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When Your Child With a Disability Isn't 'Proving Them Wrong'

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This is one of those posts where I am sharing vulnerably. I’m opening myself up and letting people know about some of those less than spectacular feelings that hide deep down. Because we need to be real. As a mom of a child with Down syndrome, I need to shout loud about the joy and miracle it is to raise Ivy, but I also need to hold space for the times it is hard. Be gentle with me!

When you have a child with a disability, the majority of medical professionals tend to focus on the negative. Many parents get handed a diagnosis immediately followed by a list of things their child “may never do” or that will be “very delayed.” That is part of why there are so many awesome parent advocates out there in social media land sharing the truth about parenting a child with a disability. We want doctors to share accurate information and all of the positive aspects of having a child with a specific diagnosis.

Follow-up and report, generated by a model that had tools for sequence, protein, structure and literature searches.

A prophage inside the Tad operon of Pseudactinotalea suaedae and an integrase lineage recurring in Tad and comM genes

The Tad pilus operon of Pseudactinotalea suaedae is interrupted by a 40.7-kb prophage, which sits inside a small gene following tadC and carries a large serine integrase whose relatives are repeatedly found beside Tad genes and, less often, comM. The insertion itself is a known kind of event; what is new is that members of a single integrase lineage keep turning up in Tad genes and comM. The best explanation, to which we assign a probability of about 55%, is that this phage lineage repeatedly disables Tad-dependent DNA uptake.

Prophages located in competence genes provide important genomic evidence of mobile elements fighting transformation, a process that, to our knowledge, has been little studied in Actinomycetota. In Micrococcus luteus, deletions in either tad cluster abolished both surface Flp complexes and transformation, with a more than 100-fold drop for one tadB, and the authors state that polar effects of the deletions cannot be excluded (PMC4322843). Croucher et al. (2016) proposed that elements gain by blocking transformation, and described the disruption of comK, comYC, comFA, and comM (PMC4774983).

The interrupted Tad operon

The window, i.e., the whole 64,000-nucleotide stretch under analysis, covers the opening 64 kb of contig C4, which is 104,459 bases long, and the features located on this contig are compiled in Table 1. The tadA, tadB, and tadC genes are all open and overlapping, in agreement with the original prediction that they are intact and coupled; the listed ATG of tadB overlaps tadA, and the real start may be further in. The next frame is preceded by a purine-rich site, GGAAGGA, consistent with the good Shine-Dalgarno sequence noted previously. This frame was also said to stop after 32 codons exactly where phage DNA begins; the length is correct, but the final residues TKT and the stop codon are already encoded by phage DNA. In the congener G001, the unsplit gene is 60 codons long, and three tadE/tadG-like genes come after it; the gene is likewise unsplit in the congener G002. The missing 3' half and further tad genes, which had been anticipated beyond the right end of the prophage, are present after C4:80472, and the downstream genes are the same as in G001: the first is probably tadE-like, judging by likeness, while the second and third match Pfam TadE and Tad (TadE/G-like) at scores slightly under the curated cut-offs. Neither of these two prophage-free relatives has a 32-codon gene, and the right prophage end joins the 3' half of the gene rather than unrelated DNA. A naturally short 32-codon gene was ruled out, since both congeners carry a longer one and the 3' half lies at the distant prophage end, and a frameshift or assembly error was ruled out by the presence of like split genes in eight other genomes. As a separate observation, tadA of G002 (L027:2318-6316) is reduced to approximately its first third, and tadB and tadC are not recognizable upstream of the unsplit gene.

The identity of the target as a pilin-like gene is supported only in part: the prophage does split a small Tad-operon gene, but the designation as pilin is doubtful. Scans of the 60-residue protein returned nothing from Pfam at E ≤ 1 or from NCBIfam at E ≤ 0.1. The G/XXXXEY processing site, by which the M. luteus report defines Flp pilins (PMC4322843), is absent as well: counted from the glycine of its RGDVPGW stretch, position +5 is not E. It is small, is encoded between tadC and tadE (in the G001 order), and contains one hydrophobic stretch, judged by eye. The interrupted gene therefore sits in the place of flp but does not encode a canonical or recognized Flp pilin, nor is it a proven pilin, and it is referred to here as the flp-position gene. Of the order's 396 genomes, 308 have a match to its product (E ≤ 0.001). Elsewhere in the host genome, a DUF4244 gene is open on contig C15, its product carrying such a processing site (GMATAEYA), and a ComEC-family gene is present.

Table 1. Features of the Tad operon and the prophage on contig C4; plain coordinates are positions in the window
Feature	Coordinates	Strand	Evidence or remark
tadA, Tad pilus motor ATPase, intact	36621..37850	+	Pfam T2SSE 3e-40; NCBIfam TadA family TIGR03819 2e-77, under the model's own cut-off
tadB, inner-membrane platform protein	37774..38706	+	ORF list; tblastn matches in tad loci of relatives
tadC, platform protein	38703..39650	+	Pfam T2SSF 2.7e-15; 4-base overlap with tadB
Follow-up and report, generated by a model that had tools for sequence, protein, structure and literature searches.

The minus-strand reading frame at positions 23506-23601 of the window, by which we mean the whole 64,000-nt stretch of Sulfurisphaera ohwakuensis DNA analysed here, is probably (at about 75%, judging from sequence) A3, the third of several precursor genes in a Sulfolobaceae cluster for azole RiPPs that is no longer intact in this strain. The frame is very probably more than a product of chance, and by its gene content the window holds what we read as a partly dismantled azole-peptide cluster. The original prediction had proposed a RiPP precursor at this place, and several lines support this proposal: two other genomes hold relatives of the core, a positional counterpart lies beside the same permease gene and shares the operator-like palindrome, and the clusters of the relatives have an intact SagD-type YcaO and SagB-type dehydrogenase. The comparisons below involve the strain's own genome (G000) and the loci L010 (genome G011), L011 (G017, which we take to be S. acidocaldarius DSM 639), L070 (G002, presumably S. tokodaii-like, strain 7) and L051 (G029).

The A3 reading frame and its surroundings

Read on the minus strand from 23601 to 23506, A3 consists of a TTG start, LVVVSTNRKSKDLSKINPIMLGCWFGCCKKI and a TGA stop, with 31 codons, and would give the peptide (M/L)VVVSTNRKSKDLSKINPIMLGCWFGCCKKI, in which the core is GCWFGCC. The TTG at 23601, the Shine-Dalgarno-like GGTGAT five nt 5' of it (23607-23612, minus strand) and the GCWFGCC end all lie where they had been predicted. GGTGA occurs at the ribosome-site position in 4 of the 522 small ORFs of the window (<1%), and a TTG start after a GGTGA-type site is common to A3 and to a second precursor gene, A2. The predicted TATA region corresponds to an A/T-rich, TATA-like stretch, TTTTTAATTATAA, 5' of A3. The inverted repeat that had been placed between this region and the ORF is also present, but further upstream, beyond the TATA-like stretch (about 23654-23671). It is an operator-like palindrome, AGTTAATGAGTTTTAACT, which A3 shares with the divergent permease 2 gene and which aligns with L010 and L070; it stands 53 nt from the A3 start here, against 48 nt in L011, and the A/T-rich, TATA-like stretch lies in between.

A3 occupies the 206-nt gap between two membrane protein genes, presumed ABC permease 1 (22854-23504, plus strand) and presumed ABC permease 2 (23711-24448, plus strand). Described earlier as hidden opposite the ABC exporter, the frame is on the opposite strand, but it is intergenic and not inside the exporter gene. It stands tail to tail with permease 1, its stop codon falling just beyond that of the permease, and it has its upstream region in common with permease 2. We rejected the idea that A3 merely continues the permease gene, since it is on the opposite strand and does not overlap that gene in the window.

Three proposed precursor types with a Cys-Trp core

My daughter Ivy was diagnosed with trisomy 21 or Down syndrome prenatally. We found out when I was about 26 weeks pregnant. After the initial shock and grieving period were over, I dove in headfirst. I devoured blogs written by moms of kiddos with Ds, I joined Facebook groups, I read books, I followed families on Instagram — I wanted to know as much as I could to be prepared. What I found was love, joy and celebration. Yes, there were hard parts, but those seemed so overshadowed by the good.

Something I saw often enough that it stuck with me was the phrase “prove them wrong.” It usually went something like this: “My sweet baby just rolled over for the first time at 3 months, right on track with his typical peers. He is really proving them wrong!” or “Look at this girl sitting up like a champ, meeting her milestones right on time. And they told me she would be so delayed. Look at her proving them wrong!”